The day the 2012 AKO Literature Prize was presented, its first winner died. Bernlef was awarded the AKO Prize in 1987 for Public Secret. Best known as the author of Out of Mind (1984), which was published in twenty languages, he served on the board of the Literature Foundation from 1968 to 1970. He was also a poet whose twenty collections won him the P.C. Hooft Prize in 1994 and the translator of many novels and poems from Swedish and French.
Hendrik Jan Marsman (Sint-Pancras, 14 January 1937 - Amsterdam, 29 October 2012) chose as his pseudonym the name of a blind eighth-century Frisian bard – a telling choice for an author whose work deals above all with the question ‘how do we look at reality?’ and who often gave his characters a disability of some sort. J. Bernlef made his debut in 1960 with a book of short stories (Stenen spoelen, Rinsing Stones) and a collection of poems (Kokkels, Cockles). In the company of his fellow editors of the magazine Barbarber, G. Brands and K. Schippers, he developed into a poet of ready-mades and collages of everyday things. G. Brands (pseudonym of Gerard Bron, 1934-2012) passed away two weeks ago.
Bernlef’s most important themes – forgetting, vanishing, remembering – have an important place in the novel that marked his 1984 breakthrough to a broad readership. Out of Mind (Hersenschimmen) is the first-person account of a Dutch emigrant in the snowy landscape of North America whose dementia is steadily worsening. ‘Memories can sometimes be temporarily out of reach, just like words,’ thinks Maarten Klein at the beginning of the story, ‘but surely they can’t disappear completely while you’re alive.’ It is of course a vain hope. Alzheimer’s disease is inexorable, even if it rarely takes effect so rapidly as in Bernlef’s central character and even if few patients remain so eloquent as their decline sets in. Some of Klein’s fragmentary thoughts would not look out of place – given the right typography – in one of Bernlef’s collections of poetry.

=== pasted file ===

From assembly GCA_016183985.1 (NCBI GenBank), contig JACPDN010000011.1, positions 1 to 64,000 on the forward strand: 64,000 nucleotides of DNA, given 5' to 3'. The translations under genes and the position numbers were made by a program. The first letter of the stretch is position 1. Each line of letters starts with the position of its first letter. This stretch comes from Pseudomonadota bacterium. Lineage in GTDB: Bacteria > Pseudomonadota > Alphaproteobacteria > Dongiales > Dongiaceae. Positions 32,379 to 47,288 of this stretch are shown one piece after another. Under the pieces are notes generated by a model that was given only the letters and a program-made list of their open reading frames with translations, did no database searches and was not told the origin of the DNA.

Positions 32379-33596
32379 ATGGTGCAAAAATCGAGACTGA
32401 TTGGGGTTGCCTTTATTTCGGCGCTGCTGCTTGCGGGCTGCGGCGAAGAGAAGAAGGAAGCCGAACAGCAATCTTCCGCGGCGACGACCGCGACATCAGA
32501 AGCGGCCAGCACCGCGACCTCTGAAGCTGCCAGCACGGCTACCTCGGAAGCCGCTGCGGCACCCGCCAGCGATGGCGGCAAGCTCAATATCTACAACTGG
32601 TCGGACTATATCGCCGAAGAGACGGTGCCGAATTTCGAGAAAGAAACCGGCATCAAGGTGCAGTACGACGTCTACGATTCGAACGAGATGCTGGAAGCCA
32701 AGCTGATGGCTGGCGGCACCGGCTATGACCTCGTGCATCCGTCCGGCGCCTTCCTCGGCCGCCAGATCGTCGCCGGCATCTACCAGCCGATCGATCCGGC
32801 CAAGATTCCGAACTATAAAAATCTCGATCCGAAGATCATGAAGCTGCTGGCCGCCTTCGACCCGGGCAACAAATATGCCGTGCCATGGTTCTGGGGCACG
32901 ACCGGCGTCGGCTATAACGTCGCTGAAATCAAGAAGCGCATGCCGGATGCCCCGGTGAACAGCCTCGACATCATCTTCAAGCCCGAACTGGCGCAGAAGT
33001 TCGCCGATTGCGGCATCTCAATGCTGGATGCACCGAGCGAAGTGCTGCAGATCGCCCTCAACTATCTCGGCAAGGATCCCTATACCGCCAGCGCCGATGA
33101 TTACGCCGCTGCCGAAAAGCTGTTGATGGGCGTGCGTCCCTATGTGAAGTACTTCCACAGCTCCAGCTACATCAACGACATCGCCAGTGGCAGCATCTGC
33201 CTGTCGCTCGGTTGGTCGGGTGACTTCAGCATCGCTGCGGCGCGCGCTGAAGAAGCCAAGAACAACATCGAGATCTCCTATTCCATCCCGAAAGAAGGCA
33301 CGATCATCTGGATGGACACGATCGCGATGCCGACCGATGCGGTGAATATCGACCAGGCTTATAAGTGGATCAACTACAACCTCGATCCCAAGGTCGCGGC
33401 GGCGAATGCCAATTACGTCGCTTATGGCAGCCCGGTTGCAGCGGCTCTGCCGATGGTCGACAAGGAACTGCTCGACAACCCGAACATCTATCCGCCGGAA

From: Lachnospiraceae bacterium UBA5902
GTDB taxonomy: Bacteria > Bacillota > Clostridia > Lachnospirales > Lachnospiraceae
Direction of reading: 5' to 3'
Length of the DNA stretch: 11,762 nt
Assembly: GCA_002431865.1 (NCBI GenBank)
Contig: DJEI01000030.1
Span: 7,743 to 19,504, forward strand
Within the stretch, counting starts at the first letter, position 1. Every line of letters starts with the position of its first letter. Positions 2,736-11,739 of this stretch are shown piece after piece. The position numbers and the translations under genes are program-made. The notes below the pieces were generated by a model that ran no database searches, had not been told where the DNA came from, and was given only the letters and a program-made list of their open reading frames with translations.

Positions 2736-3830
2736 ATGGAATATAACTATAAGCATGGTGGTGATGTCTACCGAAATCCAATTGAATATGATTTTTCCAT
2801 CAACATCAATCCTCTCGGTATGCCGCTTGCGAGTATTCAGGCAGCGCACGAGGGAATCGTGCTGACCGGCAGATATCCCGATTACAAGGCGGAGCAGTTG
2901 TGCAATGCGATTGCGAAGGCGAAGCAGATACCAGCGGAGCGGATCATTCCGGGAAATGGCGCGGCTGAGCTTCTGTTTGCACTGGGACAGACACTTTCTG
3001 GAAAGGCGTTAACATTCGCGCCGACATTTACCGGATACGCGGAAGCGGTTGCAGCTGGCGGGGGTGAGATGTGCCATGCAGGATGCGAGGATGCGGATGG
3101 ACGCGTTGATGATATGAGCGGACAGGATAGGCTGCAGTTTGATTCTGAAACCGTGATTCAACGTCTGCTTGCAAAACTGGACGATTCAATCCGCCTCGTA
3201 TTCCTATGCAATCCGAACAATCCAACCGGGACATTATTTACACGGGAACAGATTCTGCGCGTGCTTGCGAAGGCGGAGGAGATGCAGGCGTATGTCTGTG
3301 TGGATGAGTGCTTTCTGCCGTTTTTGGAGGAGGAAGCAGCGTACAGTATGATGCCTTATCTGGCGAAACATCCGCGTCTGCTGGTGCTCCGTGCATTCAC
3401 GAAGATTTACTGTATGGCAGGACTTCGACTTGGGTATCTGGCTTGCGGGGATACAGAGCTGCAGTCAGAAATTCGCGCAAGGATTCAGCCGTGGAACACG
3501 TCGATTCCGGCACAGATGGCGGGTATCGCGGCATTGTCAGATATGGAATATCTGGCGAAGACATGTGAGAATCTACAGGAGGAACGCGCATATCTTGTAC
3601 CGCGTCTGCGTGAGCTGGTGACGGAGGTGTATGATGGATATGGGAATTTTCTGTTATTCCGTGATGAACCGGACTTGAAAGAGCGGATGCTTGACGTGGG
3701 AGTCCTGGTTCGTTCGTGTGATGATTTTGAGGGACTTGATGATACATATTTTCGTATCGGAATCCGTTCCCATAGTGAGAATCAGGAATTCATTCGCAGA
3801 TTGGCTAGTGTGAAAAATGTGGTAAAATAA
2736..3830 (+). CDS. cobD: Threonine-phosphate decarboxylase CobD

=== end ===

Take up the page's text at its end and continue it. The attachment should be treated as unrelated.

Three years after Out of Mind, Bernlef won the AKO Prize with Public Secret, a novel that is both realistic and stylistically simple, telling the story of an elderly Eastern Bloc writer who resists state censorship. The practices of communism, with its distortion and manipulation of reality, return in the collection Verbroken zwijgen (Broken Silence, 2002), in which Bernlef tells suspenseful stories with a clear narrative thrust in his characteristically unadorned style, as well as in De rode droom (The Red Dream, 2007), featuring two old men who continue to dream of a new utopia. The Book Week Gift De pianoman (The Piano Man, 2008) is based on the true story of a man found in a seaside resort on the east coast of England who refused to say a word.
Bernlef was a versatile writer, poet and essayist (his essays were mainly about jazz), and his literary career was connected in many ways with the Dutch Foundation for Literature and its predecessors. From 1965, when the Literature Foundation was first established, until 1986 when the success of Out of Mind gave him financial freedom, he received annual grants for his poetry, prose and translations. Until 1999 he was in receipt of additional grants for his translations of poetry, including work by P.O. Enquist, Lars Gustafsson, and Tomas Tranströmer, who was later awarded the Nobel Prize. In 1987 he made use of his knowledge of Scandinavian literature as a member of the advisory committee on Scandinavian languages, and from 1968 to 1970 as well as being a member of the board of the Literature Foundation he chaired its advisory committee on prose. Translations of his prose and poetry have been published in dozens of languages, including German, English, French, Spanish, Chinese, Japanese, Polish, Turkish and the Scandinavian languages. With the Foundation for the Production and Translation of Dutch Literature he made author visits to the book fairs in Frankfurt, Barcelona, Göteborg and, only a year ago, Beijing. He always made a great impression on readers, critics and fellow authors as an original thinker, storyteller and authority on world literature.